IMF chief survives China bias claims, board clears path
Noel Wandera and Agencies
BUSINESS: Kristalina Georgieva will remain as head of the International Monetary Fund (IMF) after the lender’s board absolved her of blame that she improperly influenced a World Bank ranking of China’s business climate.
The board said evidence presented did not conclusively demonstrate that Georgieva played an improper role in China’s ranking in the report while at the World Bank.
“Having looked at all the evidence presented, the Executive Board reaffirms its full confidence in the Managing Director’s leadership and ability to continue to effectively carry out her duties,” it said in a statement.
The board it is committed to support Georgieva in maintaining high standards of governance and integrity in the data, research, and operations of the the organisation.
According to people familiar with the matter, the US told the IMF board members that it won’t seek the removal of Georgieva over allegations that she pushed staff to manipulate data for a World Bank report to help China, likely clearing the way for her to keep her job.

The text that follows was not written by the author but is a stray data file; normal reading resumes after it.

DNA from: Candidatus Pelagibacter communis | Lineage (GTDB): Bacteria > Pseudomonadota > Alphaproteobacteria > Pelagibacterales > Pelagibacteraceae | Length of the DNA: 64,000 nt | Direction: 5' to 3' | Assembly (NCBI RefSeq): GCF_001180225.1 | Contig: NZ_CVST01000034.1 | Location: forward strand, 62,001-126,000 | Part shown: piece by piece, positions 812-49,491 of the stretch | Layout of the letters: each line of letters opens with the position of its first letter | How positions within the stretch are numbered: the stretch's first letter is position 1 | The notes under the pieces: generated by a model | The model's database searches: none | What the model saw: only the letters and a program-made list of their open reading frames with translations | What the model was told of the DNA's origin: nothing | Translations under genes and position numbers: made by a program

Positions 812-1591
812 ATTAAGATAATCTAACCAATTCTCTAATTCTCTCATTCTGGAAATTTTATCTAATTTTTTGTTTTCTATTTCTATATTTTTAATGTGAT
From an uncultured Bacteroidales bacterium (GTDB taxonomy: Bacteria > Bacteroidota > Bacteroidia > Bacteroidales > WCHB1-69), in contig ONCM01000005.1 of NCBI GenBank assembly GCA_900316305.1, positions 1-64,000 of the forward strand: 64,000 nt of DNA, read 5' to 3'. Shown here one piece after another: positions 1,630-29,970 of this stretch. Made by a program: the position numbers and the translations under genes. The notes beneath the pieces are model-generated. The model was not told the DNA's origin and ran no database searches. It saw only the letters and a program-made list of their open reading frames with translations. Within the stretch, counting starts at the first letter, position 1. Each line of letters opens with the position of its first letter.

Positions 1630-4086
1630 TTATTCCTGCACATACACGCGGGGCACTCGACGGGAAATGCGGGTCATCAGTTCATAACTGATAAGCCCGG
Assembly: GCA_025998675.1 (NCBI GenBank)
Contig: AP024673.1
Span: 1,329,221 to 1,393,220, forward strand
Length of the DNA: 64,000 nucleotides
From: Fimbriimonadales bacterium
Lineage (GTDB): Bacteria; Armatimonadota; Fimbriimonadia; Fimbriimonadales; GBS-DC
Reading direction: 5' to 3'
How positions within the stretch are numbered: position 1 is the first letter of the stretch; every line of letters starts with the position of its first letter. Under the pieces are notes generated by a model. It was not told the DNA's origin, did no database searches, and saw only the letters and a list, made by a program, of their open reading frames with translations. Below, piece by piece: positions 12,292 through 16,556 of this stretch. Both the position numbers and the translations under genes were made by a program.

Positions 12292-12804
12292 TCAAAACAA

Speculation over the Bulgarian’s future has been rife for weeks following a probe last month into allegations she tampered with data during her time as chief executive of the World Bank to improve China’s global standing in the business and investment world.
The scandal had threatened to overshadow celebrations at this week’s IMF-World Bank biannual pow-wow in Washington, where top finance ministers and central bankers will rubber-stamp a global tax accord that 136 nations struck last week.
However, Georgieva’s potential embarrassment has been spared after the IMF executive board’s announcement that it had “full confidence” in her “leadership and ability to continue to effectively carry out her duties.”
At the heart of the board’s deliberations was an inquiry, published last month, that accused Georgieva of pressuring World Bank staffers to boost China’s ranking in the annual Doing Business report for 2018.
The report was an annual flagship publication that examined how business-friendly countries are by scrutinising how their rules and regulations boost — or constrain — corporate activity.
The global lender scrapped the report altogether last month in response to the scandal, adding in an accompanying statement that “trust in the research of the World Bank Group is vital.”
Georgieva has repeatedly denied the inquiry’s findings, which according to her lawyer, Lanny Breuer of Covington & Burling, draw inappropriate and unsupportable inferences about her conduct and state of mind.